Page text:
At the time of writing, I sit in the Whitaker Research Institute for Social Innovation and Societal Change, NUI Galway, where the official title on the door reads ‘Dr. Easkey Britton’. When people hear the title Dr. Britton - the image that pops into their heads is too often male rather than female.

I’ve learnt from other women in my field that its important to use the title to adjust expectations of women in science. I’m Dr. Easkey Britton but I never planned to become an academic… I just followed my passion.  

 

Surfing for change

 

My journey began with the beautiful accident of where I was born and how I was raised – in North West Donegal, by one of the first surfing families in Ireland. At four-years old, I learned to surf with my father. The ocean has been an ever-present force in my life since then. Although there are moments of fear, out there in the big waves, the ocean is my playground. I feel at home.

I had an unconventional route into academia – studying at the ‘college of life’ as my Dad says – dedicating my energy, instead, to competitive surfing in my teenage years and early twenties. The experience of travelling, as a surfer, totally inspired me to pursue a career in environmental science. Being immersed in nature, you are at the frontline of environmental change. You are victim to illness from sewage overflows or from wading through harmful plastics.

Gaining so much joy from the ocean comes a feeling of responsibility. I wanted to give something more back than just rubbish and waste.

 

How passion creates projects

 

Following my passion lead me to alter the stories of international coastal communities. I worked through positive social change and connection, with projects such as the ‘Surf for Social Good Summit’ in Bali and ‘Waves of Freedom’ in Iran, which pioneered women’s surfing there.

I am co-lead of an NUI Galway programme for restoring wellbeing and healthy lifestyles in Ireland. The course connects people with nature to restore health and wellbeing to Ireland. Unusually for STEM occupations, the research team is mostly women. It’s a wonderfully supportive environment with a real mix of disciplines.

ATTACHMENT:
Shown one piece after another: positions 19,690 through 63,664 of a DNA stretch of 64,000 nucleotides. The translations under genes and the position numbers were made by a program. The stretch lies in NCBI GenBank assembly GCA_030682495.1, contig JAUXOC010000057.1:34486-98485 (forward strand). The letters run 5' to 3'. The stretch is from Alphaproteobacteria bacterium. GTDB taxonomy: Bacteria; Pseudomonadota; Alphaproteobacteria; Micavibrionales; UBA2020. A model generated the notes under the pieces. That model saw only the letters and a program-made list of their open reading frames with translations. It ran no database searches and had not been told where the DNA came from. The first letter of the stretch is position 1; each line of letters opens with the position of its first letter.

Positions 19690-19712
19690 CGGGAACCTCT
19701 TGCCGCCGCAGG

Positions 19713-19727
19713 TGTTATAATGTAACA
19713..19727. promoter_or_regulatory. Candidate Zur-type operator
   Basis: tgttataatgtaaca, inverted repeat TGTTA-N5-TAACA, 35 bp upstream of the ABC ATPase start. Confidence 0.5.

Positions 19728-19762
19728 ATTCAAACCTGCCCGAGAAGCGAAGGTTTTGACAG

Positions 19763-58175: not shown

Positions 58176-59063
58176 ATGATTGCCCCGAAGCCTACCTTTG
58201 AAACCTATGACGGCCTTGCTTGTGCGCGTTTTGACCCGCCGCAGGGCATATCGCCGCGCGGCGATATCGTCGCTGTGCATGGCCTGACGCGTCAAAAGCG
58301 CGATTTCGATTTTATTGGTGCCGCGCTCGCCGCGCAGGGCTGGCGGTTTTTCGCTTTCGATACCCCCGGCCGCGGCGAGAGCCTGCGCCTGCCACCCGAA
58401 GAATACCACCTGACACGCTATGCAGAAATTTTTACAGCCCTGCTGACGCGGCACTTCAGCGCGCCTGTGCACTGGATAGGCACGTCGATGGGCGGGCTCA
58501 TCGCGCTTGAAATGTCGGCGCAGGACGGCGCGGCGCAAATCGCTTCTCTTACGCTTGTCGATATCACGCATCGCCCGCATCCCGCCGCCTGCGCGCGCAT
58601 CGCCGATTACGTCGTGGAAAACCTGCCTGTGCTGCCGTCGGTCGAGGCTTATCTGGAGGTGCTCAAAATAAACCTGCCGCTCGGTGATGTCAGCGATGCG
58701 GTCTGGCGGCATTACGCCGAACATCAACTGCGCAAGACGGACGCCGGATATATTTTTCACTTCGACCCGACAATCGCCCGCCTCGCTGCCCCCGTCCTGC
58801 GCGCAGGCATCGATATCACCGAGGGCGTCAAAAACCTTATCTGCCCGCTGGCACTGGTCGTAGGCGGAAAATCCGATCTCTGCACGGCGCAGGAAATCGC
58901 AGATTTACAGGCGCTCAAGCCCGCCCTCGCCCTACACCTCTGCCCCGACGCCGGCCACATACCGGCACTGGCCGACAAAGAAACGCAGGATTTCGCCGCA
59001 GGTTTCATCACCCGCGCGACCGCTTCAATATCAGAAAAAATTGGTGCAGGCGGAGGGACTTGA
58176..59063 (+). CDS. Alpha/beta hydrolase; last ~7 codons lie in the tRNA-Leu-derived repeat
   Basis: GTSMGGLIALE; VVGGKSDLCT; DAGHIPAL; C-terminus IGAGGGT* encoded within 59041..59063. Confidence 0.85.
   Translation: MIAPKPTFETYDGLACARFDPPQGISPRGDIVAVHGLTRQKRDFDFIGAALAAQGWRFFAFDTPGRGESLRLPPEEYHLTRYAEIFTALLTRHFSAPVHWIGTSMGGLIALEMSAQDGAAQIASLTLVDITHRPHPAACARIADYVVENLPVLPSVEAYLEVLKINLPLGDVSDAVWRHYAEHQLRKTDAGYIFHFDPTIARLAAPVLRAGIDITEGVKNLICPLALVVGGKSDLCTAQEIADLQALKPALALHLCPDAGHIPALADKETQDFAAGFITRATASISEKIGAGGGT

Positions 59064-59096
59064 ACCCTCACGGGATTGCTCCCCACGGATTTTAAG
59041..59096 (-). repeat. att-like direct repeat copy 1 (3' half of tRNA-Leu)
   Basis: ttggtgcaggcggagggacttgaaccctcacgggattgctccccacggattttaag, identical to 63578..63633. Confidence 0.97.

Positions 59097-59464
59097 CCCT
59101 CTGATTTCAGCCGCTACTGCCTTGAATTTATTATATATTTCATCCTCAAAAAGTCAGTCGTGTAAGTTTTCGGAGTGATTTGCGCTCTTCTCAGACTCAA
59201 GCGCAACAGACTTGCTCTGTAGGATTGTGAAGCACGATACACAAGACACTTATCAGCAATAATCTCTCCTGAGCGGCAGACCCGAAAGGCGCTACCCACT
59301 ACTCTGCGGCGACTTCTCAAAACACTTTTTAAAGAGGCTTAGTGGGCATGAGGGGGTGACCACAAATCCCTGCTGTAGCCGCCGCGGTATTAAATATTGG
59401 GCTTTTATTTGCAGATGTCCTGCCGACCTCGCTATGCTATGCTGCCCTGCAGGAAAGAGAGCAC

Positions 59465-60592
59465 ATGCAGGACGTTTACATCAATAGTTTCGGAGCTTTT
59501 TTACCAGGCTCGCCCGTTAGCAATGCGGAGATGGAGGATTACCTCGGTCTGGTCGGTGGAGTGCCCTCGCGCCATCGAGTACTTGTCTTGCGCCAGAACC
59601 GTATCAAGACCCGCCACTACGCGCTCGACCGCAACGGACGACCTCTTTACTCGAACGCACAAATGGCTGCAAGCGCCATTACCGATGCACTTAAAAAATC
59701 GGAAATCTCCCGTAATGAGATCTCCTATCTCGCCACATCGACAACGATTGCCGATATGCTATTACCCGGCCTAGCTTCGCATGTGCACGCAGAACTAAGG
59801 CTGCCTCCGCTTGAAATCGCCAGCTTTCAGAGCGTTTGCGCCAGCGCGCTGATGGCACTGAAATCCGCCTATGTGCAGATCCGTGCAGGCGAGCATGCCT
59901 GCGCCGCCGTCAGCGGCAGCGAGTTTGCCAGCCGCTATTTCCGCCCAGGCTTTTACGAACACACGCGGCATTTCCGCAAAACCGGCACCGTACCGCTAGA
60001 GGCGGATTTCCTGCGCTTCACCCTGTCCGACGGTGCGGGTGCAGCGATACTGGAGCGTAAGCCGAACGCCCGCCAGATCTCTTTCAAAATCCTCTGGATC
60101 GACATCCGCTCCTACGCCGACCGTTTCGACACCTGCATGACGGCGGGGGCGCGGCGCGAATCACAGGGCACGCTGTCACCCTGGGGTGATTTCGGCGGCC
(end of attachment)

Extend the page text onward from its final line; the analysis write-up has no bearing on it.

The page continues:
Other international causes also perform wonders with an all female cast. Ocean Collectiv – a global think-tank for ocean solutions – is lead by Dr Avana Johnson, the queen of marine conservation.

 

The ocean doesn’t discriminate

 

In secondary school, I was told that there would be no jobs for me in environmental science. That proved to be false. Now, there is more opportunity for future generations as environmental issues affect every single sector. It has become increasingly relevant in business, technology, politics – it’s totally cross-cutting.

We are at ‘ebb tide’ with this movement. For too long, women have been under the surface, invisible because our networks and pathways have differed to men’s. Thankfully, the way we are educating young girls as to what is possible for them is changing. 

I read an article in a women’s surf magazine when I was twelve years old. I remember opening it up and seeing this double page spread of a woman in a wet suit, surfing in cold water, who was also a scientist. I was like, ‘Wow, it is possible!’ It’s amazing what an impact seeing positive images, which counter damaging stereotypical associations, can have – especially on young girls.

 

Be patient for the next break

 

While teaching in secondary schools and in NUI Galway, I noticed a real pressure on women to be career driven and to become leaders. A pressure to be everything; to have it all and do it all. But it’s too easy to burn out when under constant pressure to be someone or something.

It takes time to explore, to feed your curiosity and ultimately discover the career path that’s right for you. For me, it’s about taking risks, showing a willingness to fail and owning those failures when they come. If you allow for the ‘ebb and flow’ of life, true balance and career satisfaction will follow.

 

photo credits: Tomas Hein